By Christian Green, Kepner-Tregoe
Low cost is almost automatically associated with low quality and less value however, this is an unfair correlation. The cost of production can be reduced while maintaining, or even increasing, the quality delivered to the consumer.
Lapses in quality can have disastrous effects on a business. Product recalls for safety reasons can lead to loss of reputation requiring years to repair, if ever. Avoiding these situations doesn’t mean the cost of production must increase. Actually, many changes that protect your business from these critical lapses in quality may reduce the cost of manufacturing rather than increase it.
Concentrating too much on avoiding rare lapses in quality can distort the actual perception of quality. The desired state is to have quality steps built into your manufacturing processes rather than relying on inspections at the end. The goal of quality is to meet or exceed customer expectations. True value can be measured in increased revenues and higher levels of customer satisfaction.
How can you achieve this Nirvana? Surely, satisfying customers’ quality expectations can only be achieved with a larger financial investment. You could throw money at new technologies or other physical manufacturing improvements but there are more ways to improve quality.
Increasing operational efficiency, promoting innovation, building employee engagement and improving customer service—all are effective in increasing customer satisfaction and decreasing production cost—resulting in greater profitability. It isn’t always about technical enhancements to the product.
When a brand is respected for quality, it is often assumed that its financial investment in quality processes is much greater than most other companies (including yours) are able to match. It is easy to think that high quality can only be achieved with a huge investment of funds.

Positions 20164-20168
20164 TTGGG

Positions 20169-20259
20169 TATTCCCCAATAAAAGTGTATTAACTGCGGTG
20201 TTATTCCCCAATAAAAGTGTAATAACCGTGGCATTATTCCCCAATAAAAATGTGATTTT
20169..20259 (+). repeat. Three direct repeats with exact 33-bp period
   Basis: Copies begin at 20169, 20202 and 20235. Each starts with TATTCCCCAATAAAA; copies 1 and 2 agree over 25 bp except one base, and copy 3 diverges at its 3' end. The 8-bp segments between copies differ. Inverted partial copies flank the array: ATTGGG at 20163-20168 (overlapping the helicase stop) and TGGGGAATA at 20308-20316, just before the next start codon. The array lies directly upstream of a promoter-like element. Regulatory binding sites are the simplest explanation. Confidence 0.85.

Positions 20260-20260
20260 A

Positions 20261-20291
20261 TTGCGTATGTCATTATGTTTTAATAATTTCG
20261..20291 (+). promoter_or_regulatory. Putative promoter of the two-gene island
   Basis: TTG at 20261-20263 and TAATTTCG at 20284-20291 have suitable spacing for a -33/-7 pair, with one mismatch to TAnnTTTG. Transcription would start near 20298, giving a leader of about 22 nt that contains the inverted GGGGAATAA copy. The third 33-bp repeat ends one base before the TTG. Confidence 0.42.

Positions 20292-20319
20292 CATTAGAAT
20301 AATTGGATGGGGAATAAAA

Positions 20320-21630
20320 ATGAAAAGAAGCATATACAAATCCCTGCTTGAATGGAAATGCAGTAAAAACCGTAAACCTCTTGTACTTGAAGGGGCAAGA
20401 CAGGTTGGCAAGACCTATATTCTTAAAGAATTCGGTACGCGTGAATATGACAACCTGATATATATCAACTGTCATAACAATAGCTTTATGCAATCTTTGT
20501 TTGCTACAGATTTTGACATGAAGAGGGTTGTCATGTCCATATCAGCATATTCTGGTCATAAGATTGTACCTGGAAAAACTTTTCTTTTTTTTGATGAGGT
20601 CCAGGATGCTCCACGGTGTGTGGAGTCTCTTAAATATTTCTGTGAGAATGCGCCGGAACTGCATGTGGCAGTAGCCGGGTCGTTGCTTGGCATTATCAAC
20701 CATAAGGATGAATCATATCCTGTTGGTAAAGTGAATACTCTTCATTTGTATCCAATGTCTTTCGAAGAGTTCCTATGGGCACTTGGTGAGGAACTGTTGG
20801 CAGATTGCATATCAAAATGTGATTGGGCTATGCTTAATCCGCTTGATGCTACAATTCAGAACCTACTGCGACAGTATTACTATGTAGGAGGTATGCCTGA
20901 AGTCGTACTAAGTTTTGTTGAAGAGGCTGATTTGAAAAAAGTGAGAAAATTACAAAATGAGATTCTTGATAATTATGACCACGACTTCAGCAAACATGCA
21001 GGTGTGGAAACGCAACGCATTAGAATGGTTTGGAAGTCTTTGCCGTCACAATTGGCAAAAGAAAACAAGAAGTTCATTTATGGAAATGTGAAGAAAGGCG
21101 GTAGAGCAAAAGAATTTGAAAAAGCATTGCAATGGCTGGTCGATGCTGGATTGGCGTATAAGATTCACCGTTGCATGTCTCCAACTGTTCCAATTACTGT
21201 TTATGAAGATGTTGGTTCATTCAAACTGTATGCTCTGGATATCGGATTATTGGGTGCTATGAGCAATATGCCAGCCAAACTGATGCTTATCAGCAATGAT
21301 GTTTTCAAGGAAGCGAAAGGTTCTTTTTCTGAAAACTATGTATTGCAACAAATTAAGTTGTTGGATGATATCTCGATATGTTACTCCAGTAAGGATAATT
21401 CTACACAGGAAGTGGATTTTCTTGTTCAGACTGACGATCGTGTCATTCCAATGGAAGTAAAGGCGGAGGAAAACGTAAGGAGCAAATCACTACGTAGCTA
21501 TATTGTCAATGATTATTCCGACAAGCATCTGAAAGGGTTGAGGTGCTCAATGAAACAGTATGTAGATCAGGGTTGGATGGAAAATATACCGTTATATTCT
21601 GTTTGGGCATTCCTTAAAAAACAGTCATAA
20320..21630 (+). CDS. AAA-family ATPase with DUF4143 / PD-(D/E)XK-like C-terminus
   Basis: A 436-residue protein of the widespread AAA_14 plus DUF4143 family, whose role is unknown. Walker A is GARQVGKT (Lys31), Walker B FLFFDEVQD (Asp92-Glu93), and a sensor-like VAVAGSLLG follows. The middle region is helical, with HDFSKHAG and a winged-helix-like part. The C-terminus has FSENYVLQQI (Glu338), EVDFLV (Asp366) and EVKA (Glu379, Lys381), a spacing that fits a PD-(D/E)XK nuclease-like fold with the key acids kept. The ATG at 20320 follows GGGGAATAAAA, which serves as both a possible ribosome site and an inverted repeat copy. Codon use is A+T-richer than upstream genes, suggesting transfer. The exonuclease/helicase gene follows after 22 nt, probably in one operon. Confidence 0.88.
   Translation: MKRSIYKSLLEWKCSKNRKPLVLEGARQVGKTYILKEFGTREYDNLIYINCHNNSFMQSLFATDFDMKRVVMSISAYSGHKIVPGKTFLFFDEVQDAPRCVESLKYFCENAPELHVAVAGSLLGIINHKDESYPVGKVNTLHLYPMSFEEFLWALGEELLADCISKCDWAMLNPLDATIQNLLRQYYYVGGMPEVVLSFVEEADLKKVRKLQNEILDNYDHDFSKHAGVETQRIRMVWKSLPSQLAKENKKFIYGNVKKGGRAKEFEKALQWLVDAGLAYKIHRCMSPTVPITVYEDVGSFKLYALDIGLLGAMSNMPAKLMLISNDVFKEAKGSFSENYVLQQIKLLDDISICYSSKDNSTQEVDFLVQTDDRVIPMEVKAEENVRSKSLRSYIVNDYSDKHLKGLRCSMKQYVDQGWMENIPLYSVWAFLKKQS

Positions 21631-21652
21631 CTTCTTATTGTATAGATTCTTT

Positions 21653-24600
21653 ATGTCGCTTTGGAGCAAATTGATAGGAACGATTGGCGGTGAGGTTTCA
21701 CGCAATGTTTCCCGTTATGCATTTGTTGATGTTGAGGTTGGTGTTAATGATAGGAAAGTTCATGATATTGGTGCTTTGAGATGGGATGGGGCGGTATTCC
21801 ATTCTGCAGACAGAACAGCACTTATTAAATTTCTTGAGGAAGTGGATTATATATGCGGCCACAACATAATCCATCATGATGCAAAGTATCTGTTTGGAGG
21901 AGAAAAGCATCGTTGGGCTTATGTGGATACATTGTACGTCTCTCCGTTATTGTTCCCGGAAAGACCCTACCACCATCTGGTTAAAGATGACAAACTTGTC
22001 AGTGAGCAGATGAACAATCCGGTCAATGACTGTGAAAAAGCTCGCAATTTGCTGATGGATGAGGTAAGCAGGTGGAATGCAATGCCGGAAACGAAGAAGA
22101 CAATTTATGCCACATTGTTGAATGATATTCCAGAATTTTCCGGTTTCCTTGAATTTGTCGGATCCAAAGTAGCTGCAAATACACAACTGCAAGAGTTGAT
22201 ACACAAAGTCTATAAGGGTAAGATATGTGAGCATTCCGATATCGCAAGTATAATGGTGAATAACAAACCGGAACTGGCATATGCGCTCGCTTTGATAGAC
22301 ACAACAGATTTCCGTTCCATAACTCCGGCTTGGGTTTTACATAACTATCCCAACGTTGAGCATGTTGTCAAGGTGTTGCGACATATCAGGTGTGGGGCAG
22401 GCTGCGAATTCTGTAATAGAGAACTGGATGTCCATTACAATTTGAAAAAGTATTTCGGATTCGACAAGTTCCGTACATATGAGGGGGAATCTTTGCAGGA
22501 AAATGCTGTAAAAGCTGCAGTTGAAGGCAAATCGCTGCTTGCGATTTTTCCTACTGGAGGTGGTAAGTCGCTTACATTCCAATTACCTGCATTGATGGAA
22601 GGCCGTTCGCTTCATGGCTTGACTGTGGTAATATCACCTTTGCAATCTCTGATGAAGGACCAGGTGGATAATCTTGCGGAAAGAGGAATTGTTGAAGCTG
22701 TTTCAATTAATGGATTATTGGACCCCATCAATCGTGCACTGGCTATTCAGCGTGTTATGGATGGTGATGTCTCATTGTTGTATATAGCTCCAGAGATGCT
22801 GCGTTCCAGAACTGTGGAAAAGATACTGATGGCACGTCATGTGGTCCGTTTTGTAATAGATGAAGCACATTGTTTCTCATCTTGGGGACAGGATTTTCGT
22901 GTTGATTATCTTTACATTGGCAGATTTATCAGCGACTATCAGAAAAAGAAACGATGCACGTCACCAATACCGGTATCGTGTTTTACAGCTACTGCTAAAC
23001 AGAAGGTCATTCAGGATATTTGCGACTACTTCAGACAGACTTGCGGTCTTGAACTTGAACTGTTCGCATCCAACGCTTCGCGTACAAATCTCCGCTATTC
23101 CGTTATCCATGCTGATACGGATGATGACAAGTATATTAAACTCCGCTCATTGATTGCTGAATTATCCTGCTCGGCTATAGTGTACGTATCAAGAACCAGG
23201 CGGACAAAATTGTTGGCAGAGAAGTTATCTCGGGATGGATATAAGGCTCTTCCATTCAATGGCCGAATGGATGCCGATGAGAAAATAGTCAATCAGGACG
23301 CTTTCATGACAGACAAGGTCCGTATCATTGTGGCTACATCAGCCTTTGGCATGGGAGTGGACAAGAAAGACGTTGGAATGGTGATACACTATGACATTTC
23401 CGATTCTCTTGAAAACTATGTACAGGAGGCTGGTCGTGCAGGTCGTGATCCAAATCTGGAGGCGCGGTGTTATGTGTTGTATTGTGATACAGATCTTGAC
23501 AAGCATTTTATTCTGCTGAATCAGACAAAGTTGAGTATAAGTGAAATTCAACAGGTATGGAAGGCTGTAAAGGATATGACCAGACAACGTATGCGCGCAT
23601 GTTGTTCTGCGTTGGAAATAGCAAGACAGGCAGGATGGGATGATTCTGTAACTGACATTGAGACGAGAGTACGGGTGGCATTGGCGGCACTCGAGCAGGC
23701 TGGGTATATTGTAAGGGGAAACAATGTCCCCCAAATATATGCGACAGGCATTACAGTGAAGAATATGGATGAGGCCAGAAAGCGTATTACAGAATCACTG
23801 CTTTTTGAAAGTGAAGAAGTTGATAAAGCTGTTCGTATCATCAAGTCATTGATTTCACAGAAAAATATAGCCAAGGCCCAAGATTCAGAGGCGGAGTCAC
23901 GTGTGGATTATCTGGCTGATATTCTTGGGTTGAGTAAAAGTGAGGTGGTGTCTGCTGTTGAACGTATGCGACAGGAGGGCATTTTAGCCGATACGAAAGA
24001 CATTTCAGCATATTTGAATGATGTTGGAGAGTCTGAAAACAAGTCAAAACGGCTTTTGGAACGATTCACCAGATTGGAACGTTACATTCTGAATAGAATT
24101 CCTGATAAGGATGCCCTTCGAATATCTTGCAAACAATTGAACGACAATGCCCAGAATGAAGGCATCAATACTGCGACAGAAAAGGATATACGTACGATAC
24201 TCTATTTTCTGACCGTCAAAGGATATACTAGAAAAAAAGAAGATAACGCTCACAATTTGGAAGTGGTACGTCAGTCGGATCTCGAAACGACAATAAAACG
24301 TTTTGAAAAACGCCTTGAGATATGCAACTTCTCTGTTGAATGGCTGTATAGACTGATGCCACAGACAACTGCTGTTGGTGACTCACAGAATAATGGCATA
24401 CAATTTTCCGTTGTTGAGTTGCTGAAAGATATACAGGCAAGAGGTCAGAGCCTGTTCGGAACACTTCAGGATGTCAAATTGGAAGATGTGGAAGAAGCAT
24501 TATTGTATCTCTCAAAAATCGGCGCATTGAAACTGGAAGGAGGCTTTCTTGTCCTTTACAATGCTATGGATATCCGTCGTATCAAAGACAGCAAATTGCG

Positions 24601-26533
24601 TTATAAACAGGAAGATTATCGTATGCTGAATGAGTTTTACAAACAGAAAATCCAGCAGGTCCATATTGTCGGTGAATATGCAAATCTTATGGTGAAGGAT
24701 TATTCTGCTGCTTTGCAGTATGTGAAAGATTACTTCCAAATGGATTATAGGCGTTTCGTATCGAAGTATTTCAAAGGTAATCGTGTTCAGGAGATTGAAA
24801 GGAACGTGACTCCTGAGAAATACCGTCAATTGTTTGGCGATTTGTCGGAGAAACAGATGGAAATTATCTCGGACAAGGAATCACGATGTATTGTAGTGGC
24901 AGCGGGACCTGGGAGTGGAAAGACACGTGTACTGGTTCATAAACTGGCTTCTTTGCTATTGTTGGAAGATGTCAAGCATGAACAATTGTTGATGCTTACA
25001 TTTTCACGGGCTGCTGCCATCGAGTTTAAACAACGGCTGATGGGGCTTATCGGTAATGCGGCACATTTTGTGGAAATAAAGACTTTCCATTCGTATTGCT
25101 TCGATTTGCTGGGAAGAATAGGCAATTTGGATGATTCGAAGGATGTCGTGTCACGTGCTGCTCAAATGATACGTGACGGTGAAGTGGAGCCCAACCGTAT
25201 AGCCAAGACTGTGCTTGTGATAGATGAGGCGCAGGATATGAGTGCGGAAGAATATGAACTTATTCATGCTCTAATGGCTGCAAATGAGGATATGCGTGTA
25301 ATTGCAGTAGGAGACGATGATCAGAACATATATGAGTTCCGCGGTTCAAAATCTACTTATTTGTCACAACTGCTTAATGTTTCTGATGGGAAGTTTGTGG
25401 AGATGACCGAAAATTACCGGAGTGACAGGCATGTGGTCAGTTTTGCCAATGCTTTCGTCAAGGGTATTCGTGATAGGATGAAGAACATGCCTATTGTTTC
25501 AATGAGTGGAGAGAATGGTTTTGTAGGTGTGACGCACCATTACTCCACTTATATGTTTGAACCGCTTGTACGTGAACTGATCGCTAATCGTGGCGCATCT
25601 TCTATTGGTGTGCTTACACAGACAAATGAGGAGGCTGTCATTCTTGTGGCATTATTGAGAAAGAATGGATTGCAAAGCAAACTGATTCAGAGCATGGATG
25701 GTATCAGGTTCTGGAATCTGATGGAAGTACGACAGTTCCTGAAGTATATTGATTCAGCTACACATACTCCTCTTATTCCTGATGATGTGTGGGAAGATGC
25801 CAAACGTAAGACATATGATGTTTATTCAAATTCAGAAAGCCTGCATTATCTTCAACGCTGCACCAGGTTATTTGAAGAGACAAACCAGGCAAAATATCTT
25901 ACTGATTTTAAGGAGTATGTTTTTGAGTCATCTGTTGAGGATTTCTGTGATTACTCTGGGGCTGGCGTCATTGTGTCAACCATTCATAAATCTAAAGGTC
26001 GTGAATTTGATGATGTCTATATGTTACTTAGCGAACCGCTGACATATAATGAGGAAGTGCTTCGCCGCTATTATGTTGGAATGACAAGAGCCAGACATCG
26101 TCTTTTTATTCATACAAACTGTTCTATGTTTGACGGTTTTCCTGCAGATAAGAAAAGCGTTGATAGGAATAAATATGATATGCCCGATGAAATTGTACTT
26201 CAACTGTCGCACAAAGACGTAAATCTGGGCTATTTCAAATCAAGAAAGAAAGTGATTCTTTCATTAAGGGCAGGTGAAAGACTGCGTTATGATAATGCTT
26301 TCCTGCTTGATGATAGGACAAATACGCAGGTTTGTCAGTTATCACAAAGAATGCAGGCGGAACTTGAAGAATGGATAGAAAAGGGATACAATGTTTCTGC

Companies that have the most sophisticated quality practices are not always those that spend the most on quality. It is more likely that their leaders have prioritized carefully any spending on quality, so that it is highly targeted and, therefore, most effective.
Staff engagement is often overlooked in the quest for quality improvement. A quality focused organization develops employees that feel invested in the company and are proud of the products it offers. A huge financial investment is not needed to create this culture, but it does take a skilled leader. When your staff is proud of the goods you are producing, they will be committed to stopping any sub-standard products from leaving the premises. An investment in creating this type of culture should be a priority for any business.
To improve your quality practices, consider industries that must rely heavily on the quality of their goods, such as the pharmaceutical and dairy industries. Quality lapses in these industries can have drastic consequences for consumers and for the reputation of the companies’ products.
These industries are required to recognize problems and quickly identify the root cause. In any industry, these are two ways to improve quality without a huge investment in technology. Critical thinking and the appropriate use of root cause analysis techniques can deliver a significant ROI in the quality-improvement game. Quality is incorporated into the production processes, not just inspected in at the end.
Thinking systematically and holistically about quality processes is key to achieving a balance that produces sustainable quality levels without impacting the profitability of your business. Start by listening more carefully to your customers and understanding their point of view regarding your products and services. Develop and implement soft skills before you invest in new technology. Examine the culture of your organization. Does your staff feel invested in and proud of your products and services? The cost of improving your quality may be much less than you think.
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